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In The Studio With Interior Designer Mr Noé Duchaufour-Lawrance

As Brioni returns to MR PORTER, we meet the man who embodies its aesthetic

Quartier Sainte-Marguerite in Paris’s 11th arrondissement was traditionally home to the city’s furniture makers. It is apt, then, that it should be here where the 43-year-old French designer Mr Noé Duchaufour-Lawrance runs his interior architecture and design practice, tucked away on a concealed courtyard off the charmingly titled Passage de la Bonne-Graine.

“Until two years ago, one of the city’s best wooden furniture makers was still based in our courtyard,” says Mr Duchaufour-Lawrance, who has worked in this area of Paris for the past 18 years. “It’s the usual story of gentrification, however, and much of that craft has left the area. Instead, we now have a lot of restaurants. Good restaurants, though.”

Amid the flux of his neighbourhood, Mr Duchaufour-Lawrance’s design studio is something of an oasis. “I wanted a space that was very pure,” he says. And so it is. The ground-floor studio has white walls that are clean and sparse, a high, white ceiling and dove-grey wooden floors. It is an aesthetic expression of the simplicity that Mr Duchaufour-Lawrance is to in his work. “I’m really classic and I prefer a quiet design environment,” he says. “I need somewhere that is not overbearing because a lot of contemporary design dates after a while.”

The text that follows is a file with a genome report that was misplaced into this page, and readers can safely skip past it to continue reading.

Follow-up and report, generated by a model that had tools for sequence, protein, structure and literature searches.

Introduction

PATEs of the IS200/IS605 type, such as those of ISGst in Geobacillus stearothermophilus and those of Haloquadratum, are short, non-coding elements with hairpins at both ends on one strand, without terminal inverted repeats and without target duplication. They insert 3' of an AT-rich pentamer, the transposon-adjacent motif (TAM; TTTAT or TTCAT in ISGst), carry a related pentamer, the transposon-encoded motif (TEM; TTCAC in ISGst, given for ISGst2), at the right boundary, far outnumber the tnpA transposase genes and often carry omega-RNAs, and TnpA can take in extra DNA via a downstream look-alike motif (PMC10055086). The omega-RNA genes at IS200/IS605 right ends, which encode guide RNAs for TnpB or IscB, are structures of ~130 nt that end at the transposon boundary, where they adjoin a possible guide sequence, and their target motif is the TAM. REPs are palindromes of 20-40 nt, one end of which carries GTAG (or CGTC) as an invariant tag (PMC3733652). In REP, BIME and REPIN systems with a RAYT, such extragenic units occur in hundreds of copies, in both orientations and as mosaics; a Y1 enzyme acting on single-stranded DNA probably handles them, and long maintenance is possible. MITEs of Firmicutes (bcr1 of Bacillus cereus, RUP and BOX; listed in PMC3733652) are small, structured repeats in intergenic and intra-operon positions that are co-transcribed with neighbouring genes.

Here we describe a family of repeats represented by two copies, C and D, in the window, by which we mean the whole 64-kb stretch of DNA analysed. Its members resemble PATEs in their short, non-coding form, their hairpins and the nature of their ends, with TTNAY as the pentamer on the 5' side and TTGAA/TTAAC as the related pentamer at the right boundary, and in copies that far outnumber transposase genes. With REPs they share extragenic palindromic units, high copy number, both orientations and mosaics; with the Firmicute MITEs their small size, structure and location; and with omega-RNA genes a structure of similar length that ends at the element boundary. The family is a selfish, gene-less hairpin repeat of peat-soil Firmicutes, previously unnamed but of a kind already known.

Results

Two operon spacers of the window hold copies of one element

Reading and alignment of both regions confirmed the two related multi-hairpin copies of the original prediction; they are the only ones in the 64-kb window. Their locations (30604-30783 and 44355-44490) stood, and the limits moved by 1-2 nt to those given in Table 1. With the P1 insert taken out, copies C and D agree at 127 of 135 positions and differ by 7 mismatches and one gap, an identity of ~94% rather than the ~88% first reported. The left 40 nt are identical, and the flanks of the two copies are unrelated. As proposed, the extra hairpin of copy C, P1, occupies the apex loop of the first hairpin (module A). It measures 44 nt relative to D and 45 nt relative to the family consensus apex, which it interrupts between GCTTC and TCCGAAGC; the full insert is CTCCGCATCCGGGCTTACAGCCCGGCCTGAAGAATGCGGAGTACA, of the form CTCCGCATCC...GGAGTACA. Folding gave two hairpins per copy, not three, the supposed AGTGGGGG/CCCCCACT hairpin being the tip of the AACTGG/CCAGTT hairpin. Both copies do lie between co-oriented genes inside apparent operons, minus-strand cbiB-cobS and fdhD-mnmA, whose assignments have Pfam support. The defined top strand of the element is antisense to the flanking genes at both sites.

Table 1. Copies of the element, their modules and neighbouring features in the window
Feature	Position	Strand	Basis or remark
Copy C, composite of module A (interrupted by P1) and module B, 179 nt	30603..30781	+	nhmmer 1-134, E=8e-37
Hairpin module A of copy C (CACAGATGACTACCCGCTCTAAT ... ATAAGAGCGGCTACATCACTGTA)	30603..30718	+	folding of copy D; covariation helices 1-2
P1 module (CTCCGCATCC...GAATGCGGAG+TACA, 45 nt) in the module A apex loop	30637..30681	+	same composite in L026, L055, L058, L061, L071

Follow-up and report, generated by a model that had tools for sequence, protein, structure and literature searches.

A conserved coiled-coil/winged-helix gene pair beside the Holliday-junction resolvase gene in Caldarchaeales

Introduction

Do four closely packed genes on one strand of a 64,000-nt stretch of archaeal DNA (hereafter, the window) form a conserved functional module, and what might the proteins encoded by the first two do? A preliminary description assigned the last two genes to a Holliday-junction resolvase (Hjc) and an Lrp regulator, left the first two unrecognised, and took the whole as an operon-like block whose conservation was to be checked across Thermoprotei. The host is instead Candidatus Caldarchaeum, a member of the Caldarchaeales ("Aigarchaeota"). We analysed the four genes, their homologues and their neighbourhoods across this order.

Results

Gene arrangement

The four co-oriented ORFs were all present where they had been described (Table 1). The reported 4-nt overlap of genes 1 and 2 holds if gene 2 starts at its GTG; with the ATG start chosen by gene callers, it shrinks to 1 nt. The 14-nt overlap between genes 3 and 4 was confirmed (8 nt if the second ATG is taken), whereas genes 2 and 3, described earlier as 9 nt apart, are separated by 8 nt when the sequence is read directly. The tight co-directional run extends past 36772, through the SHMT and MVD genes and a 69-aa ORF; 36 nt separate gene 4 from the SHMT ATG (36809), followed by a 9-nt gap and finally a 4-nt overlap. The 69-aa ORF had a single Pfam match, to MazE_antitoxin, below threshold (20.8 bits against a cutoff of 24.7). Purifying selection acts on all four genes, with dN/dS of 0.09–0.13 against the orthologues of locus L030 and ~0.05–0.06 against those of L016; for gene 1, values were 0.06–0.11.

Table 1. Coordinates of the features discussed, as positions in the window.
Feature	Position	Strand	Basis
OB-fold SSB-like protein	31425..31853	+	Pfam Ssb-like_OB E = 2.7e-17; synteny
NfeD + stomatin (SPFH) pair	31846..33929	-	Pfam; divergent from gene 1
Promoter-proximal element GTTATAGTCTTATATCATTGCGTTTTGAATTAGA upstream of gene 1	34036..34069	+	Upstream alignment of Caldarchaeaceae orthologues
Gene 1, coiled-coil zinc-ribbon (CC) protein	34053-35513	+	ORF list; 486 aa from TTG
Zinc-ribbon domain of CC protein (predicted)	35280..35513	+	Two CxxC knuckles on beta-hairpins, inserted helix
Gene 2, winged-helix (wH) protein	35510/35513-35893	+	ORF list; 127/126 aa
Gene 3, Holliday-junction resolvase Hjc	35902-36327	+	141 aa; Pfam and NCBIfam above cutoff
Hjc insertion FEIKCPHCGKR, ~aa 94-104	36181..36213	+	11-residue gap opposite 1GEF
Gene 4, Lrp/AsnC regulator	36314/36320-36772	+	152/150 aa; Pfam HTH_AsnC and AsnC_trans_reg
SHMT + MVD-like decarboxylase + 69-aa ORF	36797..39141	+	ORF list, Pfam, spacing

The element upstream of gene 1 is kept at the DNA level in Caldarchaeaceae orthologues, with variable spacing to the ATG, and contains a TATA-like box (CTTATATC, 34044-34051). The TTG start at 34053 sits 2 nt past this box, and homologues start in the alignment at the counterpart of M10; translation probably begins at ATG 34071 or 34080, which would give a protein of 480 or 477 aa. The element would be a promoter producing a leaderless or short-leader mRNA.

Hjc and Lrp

Mr Duchaufour-Lawrance aspires to effortlessness. He creates furniture whose forms are primarily derived from nature. His Borghese sofa for French brand La Chance, for instance, has a segmented back that looks like leaves rising up from the sofa’s base structure on thin metal tendrils. A beautiful thing.

For the portraits accompanying this article, Mr Duchaufour-Lawrance was photographed in classic Roman tailoring from Brioni. All the garments are taken from Ms Nina-Maria Nitsche’s debut collection as the house’s creative director. “I love the idea of having something you can wear for years and don’t like something only being suitable for one season,” says Mr Duchaufour-Lawrance. “Iconic design pops up and grabs you. When you look at it for the first time it’s like candy, but the problem is that after six months you’ve had too much candy. I prefer something humbler – design where someone really believes in what they’re doing.”